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#2089701 - 05/27/13 04:08 AM Pumice powder
Jim Dunleavy Offline
Full Member

Registered: 02/27/05
Posts: 230
Loc: The Original Washington (UK)
I just wondered if anyone had ever used this, or knows what effect it's supposed to have.

Apparently it can be put on tuning pins before inserting them into the wrest plank (at least according to this website - the very last item on the page - but I've never seen it referred to anywhere else).

Hugh Craig Harpsichords
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Jim (amateur musician and composer..and piano tinkerer).

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#2089703 - 05/27/13 04:23 AM Re: Pumice powder [Re: Jim Dunleavy]
Adypiano Offline
Full Member

Registered: 05/02/12
Posts: 54
Loc: Surrey, UK
I've used pumice powder - but only in very very small quantities during polishing. smile I wouldn't be keen to put it on wrest pins as I'd be worried about the abrasive effects of the pumice wearing the plank out quite quickly...
_________________________
Started work at the Blüthner piano re-building workshop in Perivale, UK, in 1989. Self employed since 2000. Learning something new about pianos every day... smile

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#2089704 - 05/27/13 04:28 AM Re: Pumice powder [Re: Adypiano]
Jim Dunleavy Offline
Full Member

Registered: 02/27/05
Posts: 230
Loc: The Original Washington (UK)
Originally Posted By: Adypiano
I've used pumice powder - but only in very very small quantities during polishing. smile I wouldn't be keen to put it on wrest pins as I'd be worried about the abrasive effects of the pumice wearing the plank out quite quickly...


Yes, that had occurred to me as well. Yet apparently a professional harpsichord maker uses it....

Maybe I should ask him!
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Jim (amateur musician and composer..and piano tinkerer).

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#2089709 - 05/27/13 05:10 AM Re: Pumice powder [Re: Jim Dunleavy]
Olek Online   content
8000 Post Club Member

Registered: 03/14/08
Posts: 8517
Loc: France
Many harpsichord builders did not benefit of a formal training, and those kind of tips are common, as using chalk, or make a confusion between rosin an pumice. Pumice is a soft abrasive, with no much frictionnal qualities,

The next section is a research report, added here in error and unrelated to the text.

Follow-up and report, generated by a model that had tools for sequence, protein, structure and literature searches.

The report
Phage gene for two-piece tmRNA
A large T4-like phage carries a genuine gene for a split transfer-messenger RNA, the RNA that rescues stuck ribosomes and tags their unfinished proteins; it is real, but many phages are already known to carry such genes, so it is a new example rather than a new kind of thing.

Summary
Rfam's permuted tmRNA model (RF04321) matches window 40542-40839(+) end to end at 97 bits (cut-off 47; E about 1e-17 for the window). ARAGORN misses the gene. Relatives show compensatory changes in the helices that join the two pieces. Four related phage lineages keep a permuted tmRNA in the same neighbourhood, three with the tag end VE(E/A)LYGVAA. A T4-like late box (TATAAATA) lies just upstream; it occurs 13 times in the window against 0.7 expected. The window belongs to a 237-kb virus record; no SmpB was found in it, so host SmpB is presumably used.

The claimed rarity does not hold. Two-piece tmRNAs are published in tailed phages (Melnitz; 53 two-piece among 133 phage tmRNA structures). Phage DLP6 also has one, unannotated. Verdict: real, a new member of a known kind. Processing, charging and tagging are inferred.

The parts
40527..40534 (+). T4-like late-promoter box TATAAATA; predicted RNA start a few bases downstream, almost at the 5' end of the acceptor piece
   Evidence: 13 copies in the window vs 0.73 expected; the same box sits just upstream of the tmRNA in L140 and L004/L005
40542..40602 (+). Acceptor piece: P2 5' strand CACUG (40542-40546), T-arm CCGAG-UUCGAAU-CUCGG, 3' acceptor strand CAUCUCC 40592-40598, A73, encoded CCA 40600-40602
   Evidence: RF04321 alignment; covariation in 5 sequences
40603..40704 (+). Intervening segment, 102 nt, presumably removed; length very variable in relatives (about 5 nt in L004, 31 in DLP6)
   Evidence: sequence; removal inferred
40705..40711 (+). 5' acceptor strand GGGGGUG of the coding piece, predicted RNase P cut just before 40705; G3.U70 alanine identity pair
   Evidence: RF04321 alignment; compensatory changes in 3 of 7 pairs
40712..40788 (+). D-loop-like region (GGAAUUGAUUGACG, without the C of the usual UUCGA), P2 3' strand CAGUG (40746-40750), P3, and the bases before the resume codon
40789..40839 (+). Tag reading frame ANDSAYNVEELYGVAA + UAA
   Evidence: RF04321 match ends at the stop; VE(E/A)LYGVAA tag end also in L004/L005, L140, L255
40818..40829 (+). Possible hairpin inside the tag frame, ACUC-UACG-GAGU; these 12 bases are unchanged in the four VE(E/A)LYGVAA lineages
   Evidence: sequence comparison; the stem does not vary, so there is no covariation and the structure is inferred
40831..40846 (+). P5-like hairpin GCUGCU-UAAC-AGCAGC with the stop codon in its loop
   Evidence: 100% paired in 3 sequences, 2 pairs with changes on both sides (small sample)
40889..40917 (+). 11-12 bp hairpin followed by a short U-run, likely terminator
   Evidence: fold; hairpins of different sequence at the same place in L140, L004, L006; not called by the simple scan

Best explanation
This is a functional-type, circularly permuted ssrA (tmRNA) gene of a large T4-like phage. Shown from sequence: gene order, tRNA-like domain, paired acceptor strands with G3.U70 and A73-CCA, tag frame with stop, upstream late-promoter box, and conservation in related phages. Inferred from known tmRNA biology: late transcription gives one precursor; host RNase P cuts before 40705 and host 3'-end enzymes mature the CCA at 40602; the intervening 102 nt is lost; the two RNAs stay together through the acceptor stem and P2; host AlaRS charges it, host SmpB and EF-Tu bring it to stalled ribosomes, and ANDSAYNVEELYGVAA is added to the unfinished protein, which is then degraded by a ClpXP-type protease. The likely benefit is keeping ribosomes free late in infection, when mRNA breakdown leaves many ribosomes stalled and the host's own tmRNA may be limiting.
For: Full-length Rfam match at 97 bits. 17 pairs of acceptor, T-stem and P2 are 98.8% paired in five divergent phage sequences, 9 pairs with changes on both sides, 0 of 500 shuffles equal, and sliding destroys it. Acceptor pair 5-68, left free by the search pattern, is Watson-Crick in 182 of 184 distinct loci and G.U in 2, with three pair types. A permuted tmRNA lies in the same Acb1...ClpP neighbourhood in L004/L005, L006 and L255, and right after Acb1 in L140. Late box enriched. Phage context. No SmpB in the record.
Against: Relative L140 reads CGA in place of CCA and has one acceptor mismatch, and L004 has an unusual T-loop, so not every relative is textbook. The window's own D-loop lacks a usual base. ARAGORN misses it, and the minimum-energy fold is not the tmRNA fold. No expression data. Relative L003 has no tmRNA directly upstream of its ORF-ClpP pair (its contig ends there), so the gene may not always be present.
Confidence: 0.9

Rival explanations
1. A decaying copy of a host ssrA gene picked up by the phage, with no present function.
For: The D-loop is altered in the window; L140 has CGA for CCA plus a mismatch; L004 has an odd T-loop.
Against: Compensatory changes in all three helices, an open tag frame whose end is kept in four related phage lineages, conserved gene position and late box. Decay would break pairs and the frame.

Then , I can understand the need to use some medium to favor the smoothing of the pin rotation on low torque and low tension instruments. (as talcum)

I also would be afraid of wear in time , particularly with harpsichords , where when a string breaks the tuning pins are turned an important number of turns to make the coils. (not rare to be obliged to add a shim in tuning pin hole with harpsichords)


Edited by Olek (05/27/13 05:56 AM)
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Professional of the profession.
Foo Foo specialist
I wish to add some kind and sensitive phrase but nothing comes to mind.! Euh.... sorry for the lengthy postings, I cannot refrain writing !

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#2089715 - 05/27/13 05:45 AM Re: Pumice powder [Re: Olek]
Johnkie Offline
500 Post Club Member

Registered: 06/04/11
Posts: 778
Loc: England
Originally Posted By: Olek
Many harpsichord builders did not benefit of a formal training, and those kind of tips are common, as using chalk, or make a confusion between rosin an pumice. Pumice is a soft abrasive, with no much frictionnal qualities,

Then , I can understand the need to use some medium to favor tge smoothing of the pin rotation on low torque and low tension instruments.

I also would be afraid of wear in time , particularly with harpsichords , where when a string breaks the tuning pins are turned an important number of turns to make the coils. (not rare to be obliged to add a shim in tuning pin hole with harpsichords)